Ashley McKenzie (director)

This page was last edited on 11 February 2018, at 06:20.

Ashley McKenzie (born 1984) is a Canadian director, screenwriter, and editor.[1] She is known for her feature film directorial debut Werewolf (2016), which won numerous accolades, including the $100,000 Toronto Film Critics Association prize for best Canadian film of the year.[2]

Ashley McKenzie
Born 1984 (age 33–34)
Nationality Canadian
Occupation Film director, screenwriter, editor
Years active 2010–present
Website www.grassfirefilms.ca

Early life

McKenzie was born on Cape Breton Island and raised in New Waterford, Nova Scotia.[3]

Career

McKenzie began her career making short films in 2010.[4] Her first short film, Rhonda's Party (2010), won the CBC's Short Film Face-Off.[5] Her second short film, When You Sleep (2012), won the award for Best Atlantic Emerging Director at the 2012 Atlantic Film Festival, and screened at the Cannes Film Festival in Telefilm Canada's short film showcase.[6] Her third short film, Stray, was released in 2013 and her fourth film, 4 Quarters (2015), won Best Atlantic Short at the 2015 Atlantic Film Festival.[7]

For her short film work, McKenzie has won the National Screen Institute's Shaw Media Fearless Female Director Award three times, in 2013, 2014, and 2015.[8]

Werewolf

McKenzie made her feature film directorial debut with Werewolf (2016), a film about two drug addicts in Cape Breton.[9] Werewolf premiered at the Toronto International Film Festival and has since won several awards; at the 2016 Atlantic Film Festival, Werewolf won the awards for Best Director (McKenzie), Best Actress (MacNeil), and Best Actor (Gillis).[3] At the 5th Canadian Screen Awards, McKenzie was nominated for the Canadian Screen Award for Best Achievement in Editing.[10] Gillis was nominated for Best Actor and MacNeil was nominated for Best Actress.[11] In 2016, for her work on the film, McKenzie won the Stella Artois Jay Scott Prize.[2] The following year, after its theatrical release, Werewolf won the $100,000 Toronto Film Critics Association prize for best Canadian film of the year.[12]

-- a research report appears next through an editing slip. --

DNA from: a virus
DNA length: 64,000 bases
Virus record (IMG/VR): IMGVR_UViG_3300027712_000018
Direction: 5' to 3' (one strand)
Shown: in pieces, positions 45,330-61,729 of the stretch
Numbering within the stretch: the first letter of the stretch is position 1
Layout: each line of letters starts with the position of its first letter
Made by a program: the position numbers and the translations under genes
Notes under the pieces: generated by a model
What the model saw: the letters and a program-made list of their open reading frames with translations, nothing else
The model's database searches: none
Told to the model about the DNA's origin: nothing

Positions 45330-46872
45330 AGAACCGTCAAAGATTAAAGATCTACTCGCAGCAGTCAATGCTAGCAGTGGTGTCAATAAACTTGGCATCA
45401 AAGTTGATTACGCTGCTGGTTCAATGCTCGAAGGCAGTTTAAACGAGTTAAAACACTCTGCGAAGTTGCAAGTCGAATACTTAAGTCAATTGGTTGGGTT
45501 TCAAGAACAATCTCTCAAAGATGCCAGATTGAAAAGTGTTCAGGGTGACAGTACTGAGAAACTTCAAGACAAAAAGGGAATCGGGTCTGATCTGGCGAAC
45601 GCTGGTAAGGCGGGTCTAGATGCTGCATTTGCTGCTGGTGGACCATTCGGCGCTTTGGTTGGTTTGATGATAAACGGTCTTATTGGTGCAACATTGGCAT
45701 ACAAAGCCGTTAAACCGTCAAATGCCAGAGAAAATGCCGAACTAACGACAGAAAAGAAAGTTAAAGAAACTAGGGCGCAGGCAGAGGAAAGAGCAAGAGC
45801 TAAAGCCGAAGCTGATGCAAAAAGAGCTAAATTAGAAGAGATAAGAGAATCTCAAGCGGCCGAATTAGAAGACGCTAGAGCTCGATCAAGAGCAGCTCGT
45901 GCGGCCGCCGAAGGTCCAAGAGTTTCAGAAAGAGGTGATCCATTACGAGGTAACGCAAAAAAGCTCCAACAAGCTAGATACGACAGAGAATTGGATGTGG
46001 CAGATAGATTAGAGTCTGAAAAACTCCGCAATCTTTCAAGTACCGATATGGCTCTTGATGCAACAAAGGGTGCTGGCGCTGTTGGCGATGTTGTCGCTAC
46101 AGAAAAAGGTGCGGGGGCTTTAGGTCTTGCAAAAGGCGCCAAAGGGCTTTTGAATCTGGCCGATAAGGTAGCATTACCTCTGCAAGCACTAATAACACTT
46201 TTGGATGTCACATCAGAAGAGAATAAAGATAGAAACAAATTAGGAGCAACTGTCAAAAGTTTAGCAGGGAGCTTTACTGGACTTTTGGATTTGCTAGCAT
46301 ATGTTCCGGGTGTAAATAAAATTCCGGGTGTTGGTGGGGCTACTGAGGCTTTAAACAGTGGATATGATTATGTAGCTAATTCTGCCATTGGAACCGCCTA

Artistry

Joe Leydon of Variety described McKenzie's directing style as having "borderline Bressonian austerity."[13] In an article called "A Generational Shift in Filmmaking", in discussing Werewolf, Richard Brody of The New Yorker wrote that "McKenzie fuses a documentary-like observational precision with a creative imagination that endows her characters’ struggles with a quietly monumental grandeur."[14]

Accolades

Year Association Category Nominated work Result
2016 Atlantic Film Festival Best Director Werewolf Won
2017 Vancouver Film Critics Circle Best Director of a Canadian Film Nominated
Best Screenplay for a Canadian Film Nominated
Canadian Screen Awards Best Achievement in Editing Nominated
Toronto Film Critics Association Best Canadian Film Won

References

  1. ^ "Introducing the fearless Ashley McKenzie". Retrieved 2018-01-11.
  2. ^ a b "Toronto Film Critics give their top prize to Ashley McKenzie for Werewolf". National Post. 2018-01-10. Retrieved 2018-01-11.
  3. ^ a b "Cape Breton film 'Werewolf' a howling success at Atlantic Film Festival". Cape Breton Post. 26 September 2016. Retrieved 21 January 2017.
  4. ^ "Ashley McKenzie wins WIFT-AT's inaugural All Access Pass Award". National Screen Institute - Canada (NSI). 2012-08-23. Retrieved 2017-02-19.
  5. ^ Knox, Carsten. "Rhonda's Party wins CBC Short Film Face-Off". The Coast Halifax. Retrieved 2018-01-14.
  6. ^ "Young director fulfils dream". The Chronicle Herald. 2014-04-14. Retrieved 2018-01-11.
  7. ^ "Ashley McKenzie". IMDb. Retrieved 2018-01-11.
  8. ^ "Ashley McKenzie on her new film 'Werewolf,' existentialism, addictions and 'honest framing' | rabble.ca". rabble.ca. Retrieved 2018-01-11.
  9. ^ "Cape Breton film gets 'overwhelming' reaction at Berlin film festival". CBC News. Retrieved 2017-02-26.
  10. ^ Furdyk, Brent (17 January 2017). "2017 Canadian Screen Awards nominees revealed". Global News. Retrieved 12 February 2017.
  11. ^ "Orphan Black, Schitt's Creek, Kim's Convenience up for Canadian Screen Awards". CBC News, January 17, 2017.
  12. ^ Doherty, Brennan (2018-01-09). "Werewolf wins big at Toronto Film Critics awards". The Toronto Star. ISSN 0319-0781. Retrieved 2018-01-11.
  13. ^ Leydon, Joe (2016-09-21). "Film Review: 'Werewolf'". Variety. Retrieved 2017-03-06.
  14. ^ Brody, Richard (2017-05-09). "A Generational Shift in Independent Filmmaking, at the 2017 Maryland Film Festival". The New Yorker. ISSN 0028-792X. Retrieved 2017-12-08.

External links

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